A cherished childhood memory of fall is visiting Van Riper's Farm and Tice Farms in Montvale, New Jersey, watching apple cider being pressed, eating cider donuts, and delighting in their holiday decorations. Van Riper's is now an A&P supermarket; Tice's, an upscale strip mall with J.Crew, Banana Republic, and Pier1.

When dining or shopping at the farm, I always think what a lovely way to spend the weekend as opposed to running around the mall buying things I don't really need. Farms or malls? My vote is solid: farms.

Find a local farm near you through LocalHarvest.

Wednesday, September 22, 2010

Why Was This in the Garbage?

A question I ask myself all the time. My mother says I would not make a good garbage truck employee - it would never get to the site.

I don't consider myself a dumpster diver in that I'm searching for things. I stumble upon these items. I live in an apartment complex and have a higher exposure to people's trash, but also see things curbside. I'm documenting my finds to draw awareness that our society's disposable ways extend far beyond water bottles and plastic bags. Here is just a fraction of what I've found this summer (all of which has been donated to thrift shops, unless otherwise stated).

Four chairs, pulled out of the dumpster one evening (the garbage truck was due the next morning). One had a broken seat which needed repairing, but otherwise, they were fine. The greatest quality, no, but someone must have a need for them.

Gift bags, which based on the card envelopes outside, were for a 30th birthday. I saw the guy bringing these to the dumpster, and swiftly took them out.

I always thought gift bags were a more eco-friendly option than wrapping paper since they are reusable (my family has always reused them), but so often, they are tossed.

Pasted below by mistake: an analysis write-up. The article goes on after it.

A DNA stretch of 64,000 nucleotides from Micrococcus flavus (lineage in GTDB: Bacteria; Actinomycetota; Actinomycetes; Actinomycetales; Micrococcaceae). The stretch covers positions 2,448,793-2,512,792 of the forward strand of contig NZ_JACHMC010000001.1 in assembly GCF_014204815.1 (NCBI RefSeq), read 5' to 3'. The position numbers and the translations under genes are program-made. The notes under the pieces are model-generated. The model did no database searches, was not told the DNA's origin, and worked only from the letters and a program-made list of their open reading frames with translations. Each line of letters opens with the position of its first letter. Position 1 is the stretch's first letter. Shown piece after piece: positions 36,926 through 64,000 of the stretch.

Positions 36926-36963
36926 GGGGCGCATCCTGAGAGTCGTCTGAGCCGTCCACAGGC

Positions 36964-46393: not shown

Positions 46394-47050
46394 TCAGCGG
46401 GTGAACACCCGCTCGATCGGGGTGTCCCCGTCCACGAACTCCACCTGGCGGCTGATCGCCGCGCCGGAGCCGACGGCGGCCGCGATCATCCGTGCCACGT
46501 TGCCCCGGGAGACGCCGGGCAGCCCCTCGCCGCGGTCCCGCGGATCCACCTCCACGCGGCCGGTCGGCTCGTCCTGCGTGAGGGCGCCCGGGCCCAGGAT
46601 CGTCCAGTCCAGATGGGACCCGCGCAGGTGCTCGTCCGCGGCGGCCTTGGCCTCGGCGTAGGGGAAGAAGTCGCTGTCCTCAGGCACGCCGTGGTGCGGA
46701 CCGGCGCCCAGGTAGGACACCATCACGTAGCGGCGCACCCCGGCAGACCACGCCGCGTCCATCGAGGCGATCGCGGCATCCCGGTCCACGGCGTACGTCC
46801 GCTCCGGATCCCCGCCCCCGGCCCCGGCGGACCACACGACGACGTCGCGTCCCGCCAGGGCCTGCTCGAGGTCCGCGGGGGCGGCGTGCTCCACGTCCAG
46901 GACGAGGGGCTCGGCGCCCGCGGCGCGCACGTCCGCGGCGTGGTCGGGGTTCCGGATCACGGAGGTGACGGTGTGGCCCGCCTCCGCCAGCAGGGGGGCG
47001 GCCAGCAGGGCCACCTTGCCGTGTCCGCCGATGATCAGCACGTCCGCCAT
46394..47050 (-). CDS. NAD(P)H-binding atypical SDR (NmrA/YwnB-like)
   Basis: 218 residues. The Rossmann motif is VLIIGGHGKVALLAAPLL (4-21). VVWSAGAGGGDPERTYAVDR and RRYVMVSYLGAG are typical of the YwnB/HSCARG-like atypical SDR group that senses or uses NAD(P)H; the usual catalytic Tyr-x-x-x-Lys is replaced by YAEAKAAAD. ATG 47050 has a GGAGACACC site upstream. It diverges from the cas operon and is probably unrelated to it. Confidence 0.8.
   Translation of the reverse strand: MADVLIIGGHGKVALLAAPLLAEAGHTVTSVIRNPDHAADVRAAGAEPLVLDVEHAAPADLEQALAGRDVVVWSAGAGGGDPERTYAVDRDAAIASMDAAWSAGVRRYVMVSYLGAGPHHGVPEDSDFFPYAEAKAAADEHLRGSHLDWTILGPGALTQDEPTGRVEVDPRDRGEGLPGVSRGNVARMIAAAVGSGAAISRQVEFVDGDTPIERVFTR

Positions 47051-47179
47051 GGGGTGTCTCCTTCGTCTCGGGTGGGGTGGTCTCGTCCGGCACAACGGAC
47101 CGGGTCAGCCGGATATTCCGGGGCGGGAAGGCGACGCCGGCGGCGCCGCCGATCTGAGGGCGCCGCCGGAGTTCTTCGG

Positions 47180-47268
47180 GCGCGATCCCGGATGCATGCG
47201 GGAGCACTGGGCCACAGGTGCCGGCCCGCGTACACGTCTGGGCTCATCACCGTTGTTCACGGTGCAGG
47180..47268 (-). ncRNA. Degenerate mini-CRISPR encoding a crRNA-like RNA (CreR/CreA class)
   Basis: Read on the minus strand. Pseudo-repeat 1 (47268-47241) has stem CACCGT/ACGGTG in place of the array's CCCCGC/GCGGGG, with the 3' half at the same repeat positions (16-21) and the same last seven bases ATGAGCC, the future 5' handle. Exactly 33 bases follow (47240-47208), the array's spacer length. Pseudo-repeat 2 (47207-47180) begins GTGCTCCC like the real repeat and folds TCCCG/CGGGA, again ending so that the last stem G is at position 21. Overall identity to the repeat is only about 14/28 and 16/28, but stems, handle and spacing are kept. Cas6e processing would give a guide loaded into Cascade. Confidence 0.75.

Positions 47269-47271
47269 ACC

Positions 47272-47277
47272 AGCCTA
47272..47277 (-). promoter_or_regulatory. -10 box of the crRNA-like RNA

This sweet little 3 foot tall tree, which rotates when plugged in, almost never saw another Christmas. It was tossed into the dumpster in a white garbage bag.

In a box by the dumpster: a peach Eileen Fisher top (my mom claimed it immediately, and could not believe it was tossed), two bags, and a wine caddy.

A baby's seat, on the side of the road. I rescued it, but couldn't fit all the baby items into my car, including a high chair.

I stumbled upon a huge bounty of garage sale leftovers on a main road that were destined for the landfill. I couldn't salvage some of the bigger items, such as furniture, but I did rescue many smaller items, include an entire box filled with Halloween costumes. This is the perfect time to be donating Halloween, Thanksgiving and winter decorations to thrift shops (this house was right down the road from two of them).

Along with the costumes, sweet little girls clothes. I washed the clothes and costumes before donating them.

Stuffed animals. Made in China, snuggled with for a bit, then tossed in the landfill.

The list is endless, and dispiriting. So many people are in need right now in this country, and throwing these items in the garbage is money thrown down the drain for everyone.

Reporting from Bergen County, New Jersey, the land of excess for some.

Monday, September 20, 2010

Soup's On, Soul's Smiling

Give me soup...any day, any season. From scratch is preferred. My ingredients are simple: olive oil, onions, vegetable stock (I get a little help from Rapunzel which I pick up at Old Hook Farm), veggies of choice, spices. Sometimes a little soy creamer to mock dairy creamer.

These leeks from Abram Demaree Homestead are just begging to be paired with potatoes for a homemade potato leek soup. Celtic Kitchen in New Milford, NJ, sells brown bread from Ireland, which would be a delightful partner.

With a spinach Swiss cheese quiche and Fall's favorite drink, apple cider, at Abram Demaree's quaint patio overlooking land that has been farmed since the 1750s. The soup: vegetarian split pea, my dining companion, my lovely mother.

At a cozy French cafe, with Edith Piaf piping from the sound system. Add crusty bread, olive oil for dipping, and a bottle of tap water. This tomato basil soup was savored at a now shuttered cafe in the Chelsea section of New York City.

With salad, this one topped with blackberries and candied cashews, and a buttermilk herb scone from Rolling Pin Cafe in Westwood, NJ. The soup, dairy-free butternut squash soup.

With a Mexican flair, and loaded with protein and fiber rich beans. The black bean soup at La Batalla in Bergenfield, NJ, is hearty enough for a meal. Their homemade flan, so hard to resist.